Browsing by Subject "korrelaatio"

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  • Fidrmuc, Jarko; Korhonen, Iikka (2004)
    BOFIT Discussion Papers 20/2004
    Published in Journal of Comparative Economics, Vol.34, No.3 (2006), pp. 518-537
    We review the literature on business-cycle correlation between the euro area and Central and Eastern European countries (CEECs), a topic that has gained attention in recent years as new EU entrants prepare for participation in the monetary union.Our meta-analysis suggests several CEECs already have comparably high correlation with the euro area business cycle.We also find that estimation methodologies can have a significant effect on correlation coefficients.While central bankers are more conservative in their estimates, we find no evidence of a geographical bias in the studies.JEL-Numbers: C42, E32, F15, F31.Key words: monetary union, optimum currency area, business cycles, meta- analysis.
  • Gächter, Simon; Riedl, Alesandra; Ritzberger-Grünwald, Doris (2013)
    BOFIT Discussion Papers 3/2013
    We analyze business cycle convergence in the EU by focusing on the decoupling vs. convergence hypothesis for central, eastern and south eastern Europe (CESEE). In a nutshell, we find that business cycles in CESEE have decoupled considerably from the euro area (EA) during the financial crisis in terms of both cyclical dispersion (i.e. the deviation of output gaps) and cyclical correlation. The results are mainly driven by smaller countries, which can be explained by the fact that small economies seem to have larger cyclical swings as they are more dependent on external demand, which causes a decoupling in terms of higher output gap deviations from the EA cycle in times of economic crises. At the same time, this does not necessarily affect business cycle synchronization as measured by cyclical correlations, where the strength of the linear relationship of two cycles is measured. However, despite the recent declines in the co-movement, we generally observe high correlation levels of CESEE countries with the EA after their EU accession in 2004. Finally, we find a significant decoupling of trend growth rates between EA and CESEE until the onset of the financial crises. Since the beginning of the crisis, trend growth rates have declined both in CESEE and the EA with the trend growth differential decreasing significantly from about three to below two percentage points in 2011. JEL classification: E32, E52, F15, F33, F44; Keywords: Business cycles, EMU, CESEE, optimum currency areas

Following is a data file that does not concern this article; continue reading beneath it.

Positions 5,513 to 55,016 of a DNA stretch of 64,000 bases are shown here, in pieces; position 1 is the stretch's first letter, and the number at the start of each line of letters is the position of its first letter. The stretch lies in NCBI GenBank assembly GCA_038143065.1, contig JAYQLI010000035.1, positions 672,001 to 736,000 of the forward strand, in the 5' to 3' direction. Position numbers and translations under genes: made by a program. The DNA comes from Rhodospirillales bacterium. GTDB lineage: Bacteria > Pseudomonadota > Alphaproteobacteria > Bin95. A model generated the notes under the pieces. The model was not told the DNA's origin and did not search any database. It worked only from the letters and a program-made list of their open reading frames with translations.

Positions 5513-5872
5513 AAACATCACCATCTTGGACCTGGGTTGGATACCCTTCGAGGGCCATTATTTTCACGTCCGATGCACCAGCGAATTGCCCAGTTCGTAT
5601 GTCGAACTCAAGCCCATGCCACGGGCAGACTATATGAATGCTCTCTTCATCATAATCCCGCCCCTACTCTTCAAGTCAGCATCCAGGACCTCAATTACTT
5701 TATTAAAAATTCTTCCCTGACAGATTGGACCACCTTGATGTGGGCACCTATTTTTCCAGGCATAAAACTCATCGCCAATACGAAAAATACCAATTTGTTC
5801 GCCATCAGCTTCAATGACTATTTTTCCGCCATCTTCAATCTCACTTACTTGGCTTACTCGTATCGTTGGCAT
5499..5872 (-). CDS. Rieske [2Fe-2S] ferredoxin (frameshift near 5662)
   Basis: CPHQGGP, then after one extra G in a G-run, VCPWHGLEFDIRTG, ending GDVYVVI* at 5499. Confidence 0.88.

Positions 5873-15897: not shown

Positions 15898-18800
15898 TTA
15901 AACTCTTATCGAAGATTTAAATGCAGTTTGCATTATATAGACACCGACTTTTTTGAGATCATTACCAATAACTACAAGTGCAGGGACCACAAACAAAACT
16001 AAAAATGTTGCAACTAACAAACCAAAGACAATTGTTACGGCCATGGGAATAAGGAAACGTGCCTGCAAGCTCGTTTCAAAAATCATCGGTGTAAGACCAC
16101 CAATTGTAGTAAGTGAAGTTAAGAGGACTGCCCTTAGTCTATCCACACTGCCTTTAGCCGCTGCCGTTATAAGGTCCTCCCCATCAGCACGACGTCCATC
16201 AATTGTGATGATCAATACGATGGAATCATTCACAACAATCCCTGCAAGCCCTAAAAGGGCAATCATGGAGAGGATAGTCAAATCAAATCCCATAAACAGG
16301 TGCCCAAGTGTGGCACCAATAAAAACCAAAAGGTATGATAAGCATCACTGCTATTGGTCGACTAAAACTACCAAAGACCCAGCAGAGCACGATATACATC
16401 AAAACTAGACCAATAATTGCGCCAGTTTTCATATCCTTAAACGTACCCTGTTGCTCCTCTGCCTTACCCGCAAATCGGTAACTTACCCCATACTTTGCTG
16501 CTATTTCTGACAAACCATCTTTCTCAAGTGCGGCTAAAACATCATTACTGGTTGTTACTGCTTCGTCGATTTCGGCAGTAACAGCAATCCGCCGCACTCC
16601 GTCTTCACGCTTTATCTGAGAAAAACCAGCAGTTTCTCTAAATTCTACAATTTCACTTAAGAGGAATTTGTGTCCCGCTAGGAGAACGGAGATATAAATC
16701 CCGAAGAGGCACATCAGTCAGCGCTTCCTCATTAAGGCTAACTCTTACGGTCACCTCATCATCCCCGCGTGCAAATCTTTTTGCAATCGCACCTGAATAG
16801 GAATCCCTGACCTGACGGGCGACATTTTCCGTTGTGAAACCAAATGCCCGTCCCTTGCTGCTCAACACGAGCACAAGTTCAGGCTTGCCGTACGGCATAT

• Fidrmuc, Jarko; Korhonen, Iikka; Bátorová, Ivana (2008)
    BOFIT Discussion Papers 7/2008
    Published in CESifo Economic Studies, Vol. 59, 2/2013, 392-411
    We analyze the business cycles in China and in selected OECD countries between 1992 and 2006 using dynamic correlations. Nearly all OECD countries showpositive correlations of the very short-run developments which may correspond to intensive supplier linkages. However, dynamic correlations at the business cycle frequencies are negative. Countries facing a comparably longer history of intensive trading links tend to show slightly higher correlations of business cycles with China. Even though trade and financial flows do not really increase correlations of business cycles between China and OECD countries, they lower the degree of business cycle synchronization within the OECD area. JEL Classification: E32, F15, F41. Keywords: Business cycles, synchronization, trade, FDI, dynamic correlation.
  • Crowley, Patrick M. (2008)
    Bank of Finland Research Discussion Papers 3/2008
    Optimal currency area theory suggests that business cycle co-movement is a sufficient condition for monetary union, particularly if there are low levels of labour mobility between potential members of the monetary union. Previous studies of co-movement of business cycle variables found that there was a core of member states in the EU that could be grouped together as having similar business cycle co-movements, but these studies have always used Germany as the country against which to compare. This study updates and extends corresponding previous analyses. More specifically, it correlates the countries against both German and euro area macroeconomic aggregates and uses more recent techniques in cluster analysis, namely model-based clustering techniques. Keywords: business cycles, co-movement, optimal currency areas, model-based cluster analysis JEL classification numbers: F15, F31
  • Fidrmuc, Jarko; Korhonen, Iikka (2003)
    BOFIT Discussion Papers 6/2003
    Published in Comparative Economic Studies vol. 46 no 1 (2004), pp. 45-62
    We assess the correlation of supply and demand shocks between current countries in the euro area and EU accession candidates from 1993/1995 to 2002.Supply and demand shocks are recovered from estimated structural VAR models of output growth and inflation. Notably, the economic slowdown between 2000 and 2002 increased heterogeneity of business cycles between the euro area and acceding counties.We find that several acceding countries have a quite high correlation of underlying shocks with the euro area and conclude that continuing integration within the EU is likely to align the business cycles of these countries in a manner similar to the synchronisation of supply and demand shocks we document for the EU in the 1990s.JEL numbers E32, F42.Keywords: Optimum currency area, EU enlargement, structural VAR.